When I saw this question I just had to try to give an answer. This question is very real and personal to me as my wife was Catholic when we met and married. Many moons have passed and she is now Primitive Baptist, but a lot of stresses, anxieties, and doubts transpired underneath those moons to get us to this point. I pray my insight will be of help.
First things first. “Be not unequally yoked together with unbelievers: for what fellowship hath righteousness with unrighteousness? and what communication hath light with darkness? And what concord hath Christ with Belial? or what part hath he that believeth with an infidel? And what agreement hath the temple of God with idols? for ye are the temple of the living God…” (2 Corinthians 6:14-16) That’s a simple to understand as it gets. If you are a believer and follower of Christ it is totally unacceptable to join in marriage to one who is an unbeliever. Loving my Lord the way I do and seeing what the Bible teaches of the living picture of marriage, that it is emblematic of the relationship of Christ to his bride, I couldn’t imagine marrying one or even dating one who denies him. It would be a complete rebellion on the disciple’s part. Just don’t do it!
However, what if you married your spouse in ignorance or unbelief and you now believe? What to do? The scriptures answer that as well. Don’t seek a divorce on account of it (1 Corinthians 12-14). What if the unbelieving spouse decides to leave? Paul teaches to suffer it to be (1 Corinthians 7:15), yet he does not give sanction to divorce, just separation while maintaining sanctity. Notice, he also never gave permission for the believing spouse to be the one to do the departing. When believers separate they are under a burden to be reconciled (1 Corinthians 7:11), but the couple who has an unbelieving spouse to depart seems to be under no such obligation to actively seek reconciliation (1 Corinthians 7:15). However, if the unequally yoked couple decides to reconcile, that is best as one day it may result in the saving of the unbelieving spouse (1 Corinthians 7:16).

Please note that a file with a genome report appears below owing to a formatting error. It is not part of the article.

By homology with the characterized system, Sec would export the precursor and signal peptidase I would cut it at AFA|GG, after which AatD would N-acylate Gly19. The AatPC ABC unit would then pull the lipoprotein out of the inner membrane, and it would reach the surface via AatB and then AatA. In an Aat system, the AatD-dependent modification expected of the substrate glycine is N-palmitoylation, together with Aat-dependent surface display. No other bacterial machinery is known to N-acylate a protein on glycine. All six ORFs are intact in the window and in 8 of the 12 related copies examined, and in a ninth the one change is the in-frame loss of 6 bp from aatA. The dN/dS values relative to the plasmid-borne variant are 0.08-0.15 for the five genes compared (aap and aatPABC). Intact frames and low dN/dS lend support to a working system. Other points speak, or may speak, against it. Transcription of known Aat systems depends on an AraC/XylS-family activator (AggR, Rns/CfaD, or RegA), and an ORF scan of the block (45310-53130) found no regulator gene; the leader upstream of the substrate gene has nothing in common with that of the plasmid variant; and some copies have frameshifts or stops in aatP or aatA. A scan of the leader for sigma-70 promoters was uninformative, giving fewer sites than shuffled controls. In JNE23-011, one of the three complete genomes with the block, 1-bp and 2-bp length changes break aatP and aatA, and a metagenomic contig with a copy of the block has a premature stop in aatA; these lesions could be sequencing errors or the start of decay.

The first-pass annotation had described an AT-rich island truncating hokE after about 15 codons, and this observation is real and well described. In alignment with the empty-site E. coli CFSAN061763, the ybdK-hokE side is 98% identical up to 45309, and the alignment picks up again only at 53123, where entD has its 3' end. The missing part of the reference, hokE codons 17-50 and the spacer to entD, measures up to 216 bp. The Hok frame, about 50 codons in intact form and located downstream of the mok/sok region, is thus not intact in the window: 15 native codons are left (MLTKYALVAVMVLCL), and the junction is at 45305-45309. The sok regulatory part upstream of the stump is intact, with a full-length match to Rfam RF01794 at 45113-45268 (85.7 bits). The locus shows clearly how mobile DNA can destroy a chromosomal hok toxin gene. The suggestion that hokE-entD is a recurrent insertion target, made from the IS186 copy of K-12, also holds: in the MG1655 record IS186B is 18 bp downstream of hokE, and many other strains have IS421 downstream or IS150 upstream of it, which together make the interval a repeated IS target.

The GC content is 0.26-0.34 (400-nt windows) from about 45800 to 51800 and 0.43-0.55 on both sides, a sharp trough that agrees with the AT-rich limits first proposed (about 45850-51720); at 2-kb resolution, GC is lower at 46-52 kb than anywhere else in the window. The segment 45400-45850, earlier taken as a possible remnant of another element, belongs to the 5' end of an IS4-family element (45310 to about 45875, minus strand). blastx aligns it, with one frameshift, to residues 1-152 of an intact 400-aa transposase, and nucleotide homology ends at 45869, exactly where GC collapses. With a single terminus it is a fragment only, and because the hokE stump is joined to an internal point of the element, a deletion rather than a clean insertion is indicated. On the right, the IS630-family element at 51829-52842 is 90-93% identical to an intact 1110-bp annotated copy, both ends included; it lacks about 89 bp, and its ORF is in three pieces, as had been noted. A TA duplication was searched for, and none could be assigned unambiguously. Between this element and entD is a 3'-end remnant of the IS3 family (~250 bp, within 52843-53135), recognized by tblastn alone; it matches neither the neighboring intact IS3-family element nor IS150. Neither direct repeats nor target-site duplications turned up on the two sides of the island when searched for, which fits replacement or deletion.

Should we marry another believer in Jesus Christ from another religious affiliation? I can assure you that if you fall in love with a like-minded person of the same order, one of the largest (if not THE largest) impediments to harmony in marriage is circumvented already. My bride and I both agree on that as a basic “gimme” as we had that wall to climb. We got scuffed a lot, but by the Lord’s grace we overcame.
Who can say, however, that love between a believing man and a woman can be put aside due to differences in doctrinal and/or practical matters as touching the church? I dare not. Ah, love….such a many splendored thing it is! Thank God for it!